How do you get acoustic neuroma?
You may have heard of acoustic neuroma, but do you know what its symptoms, causes and how to treat it? Here’s everything you need to know about this problem in the following article.
Acoustic neuroma, also called vestibular schwannoma, is a non-malignant tumor that grows in the auditory nerve that connects the inner ear to the brain.
Acoustic neuroma: symptoms
An acoustic neuroma is a benign, noncancerous tumor that originates in the Schwann cells that line the auditory nerve. It usually grows slowly and gradually, and in rare cases grows rapidly and becomes very large, causing a range of serious problems.
In general, the initial signs and symptoms caused by an acoustic neuroma may be slight or invisible, as this can last for a long period of time, up to years, for symptoms to appear clearly.
Symptoms usually appear as a result of pressure on the auditory nerve and the nerves adjacent to it, such as: the nerves that control facial muscles, sensation and balance, or as a result of pressure on both nearby blood vessels or the brain.
In general, the symptoms of vestibular schwannoma include:
- Tinnitus .
- Feeling of discomfort in the ear.
- Balance problems.
- Vertigo and dizziness.
- Numbness on one side of the face.
- Hearing loss in the affected ear usually occurs gradually.
Acoustic neuroma: causes
The main causes of vestibular schwannoma include the following:
1. Gene defect
Acoustic neuroma may develop as a result of genetic mutations in the gene that control the growth of Schwann cells that coat the nerves, and although the exact reasons behind these mutations are not clear, there are some risk factors that contribute to this problem, which include the following :
- Prior exposure to radiotherapy in the head and neck region.
- Chronic exposure to very loud sounds, which may occur due to occupational reasons.
2. Genetic causes
In some cases, acoustic neuroma may arise from genetic causes related to a rare medical condition called Neurofibromatosis type II that affects the nerves responsible for hearing and balance in both ears.
This disease is considered one of the autosomal dominant disorders, meaning that the probability of transmission of the disease from one parent to the offspring is 50%.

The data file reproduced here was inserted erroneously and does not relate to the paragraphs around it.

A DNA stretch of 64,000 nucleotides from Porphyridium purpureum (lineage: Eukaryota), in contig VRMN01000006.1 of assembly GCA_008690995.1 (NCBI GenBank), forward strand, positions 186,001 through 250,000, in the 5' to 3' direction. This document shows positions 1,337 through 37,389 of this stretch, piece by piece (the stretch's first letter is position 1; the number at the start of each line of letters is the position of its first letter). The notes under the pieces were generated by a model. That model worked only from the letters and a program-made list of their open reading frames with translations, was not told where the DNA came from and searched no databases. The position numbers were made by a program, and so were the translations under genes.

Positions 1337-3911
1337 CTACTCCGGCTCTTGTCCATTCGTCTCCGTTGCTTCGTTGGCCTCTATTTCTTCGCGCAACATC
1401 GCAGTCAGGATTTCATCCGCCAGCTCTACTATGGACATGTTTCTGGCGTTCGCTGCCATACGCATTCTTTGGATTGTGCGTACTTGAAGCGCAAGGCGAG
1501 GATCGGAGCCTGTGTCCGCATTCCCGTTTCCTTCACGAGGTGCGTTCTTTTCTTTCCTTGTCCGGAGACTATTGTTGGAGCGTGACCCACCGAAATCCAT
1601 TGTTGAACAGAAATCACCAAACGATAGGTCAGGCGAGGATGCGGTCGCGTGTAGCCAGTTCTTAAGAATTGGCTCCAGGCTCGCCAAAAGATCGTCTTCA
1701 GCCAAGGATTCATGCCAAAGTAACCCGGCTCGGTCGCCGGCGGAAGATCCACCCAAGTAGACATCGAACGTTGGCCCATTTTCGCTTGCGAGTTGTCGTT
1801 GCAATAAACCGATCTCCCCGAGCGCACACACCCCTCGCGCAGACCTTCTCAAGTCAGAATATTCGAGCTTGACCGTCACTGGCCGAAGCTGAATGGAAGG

Acoustic neuroma: diagnosis
Vestibular schwannoma is often difficult to diagnose in the early stages of the disease, and its symptoms may be similar to other health conditions associated with inner and middle ear problems, including Meniere’s disease .
In general, an acoustic neuroma can be diagnosed by performing the following tests:
- Ear examination.
- Hearing tests, to measure the level and accuracy of hearing in each ear.
- MRI or CT scan to confirm the presence of the tumor and determine its size and location.
Acoustic neuroma: treatment
There are a number of ways that contribute to the treatment of acoustic neuroma, and the choice of the appropriate method depends on several factors, the most important of which are: the size and location of the tumor, the speed of its growth, in addition to the general health of the patient.
In general, the methods available for the treatment of vestibular schwannoma include the following:
- Monitor the condition through medical follow-up and periodic examinations in case the tumor is small and does not cause severe symptoms.
- Surgical removal of the tumor. Surgery is usually used if the tumor has increased in size or when symptoms worsen.
- Radiation therapy in case the tumor is small, in order to slow or stop the growth of the tumor and to preserve the function of the nerves, and this treatment is usually resorted to if the patient cannot tolerate surgical operations, especially the elderly, or if there are remnants of a large tumor that was previously removed.
- Cochlear implantation in case of hearing loss.
- Physical therapy to treat problems with balance and dizziness.
Acoustic neuroma: complications
An enlarged acoustic neuroma can cause significant pressure on nerves and some parts of the brain, which in turn can lead to severe or life-threatening complications, including the following:
- Constant headache.
- Pain, numbness, or paralysis of the nerves and muscles on one side of the face.
- difficulty swallowing;
- Hoarseness or hoarseness of the voice.
- Temporary double vision.
- Sudden hearing loss.
- ataxia on one side of the body, a condition in which there is uncoordinated movements between the limbs
- Hydrocephalus, a condition that occurs as a result of fluid buildup in the head, which leads to increased pressure inside the skull.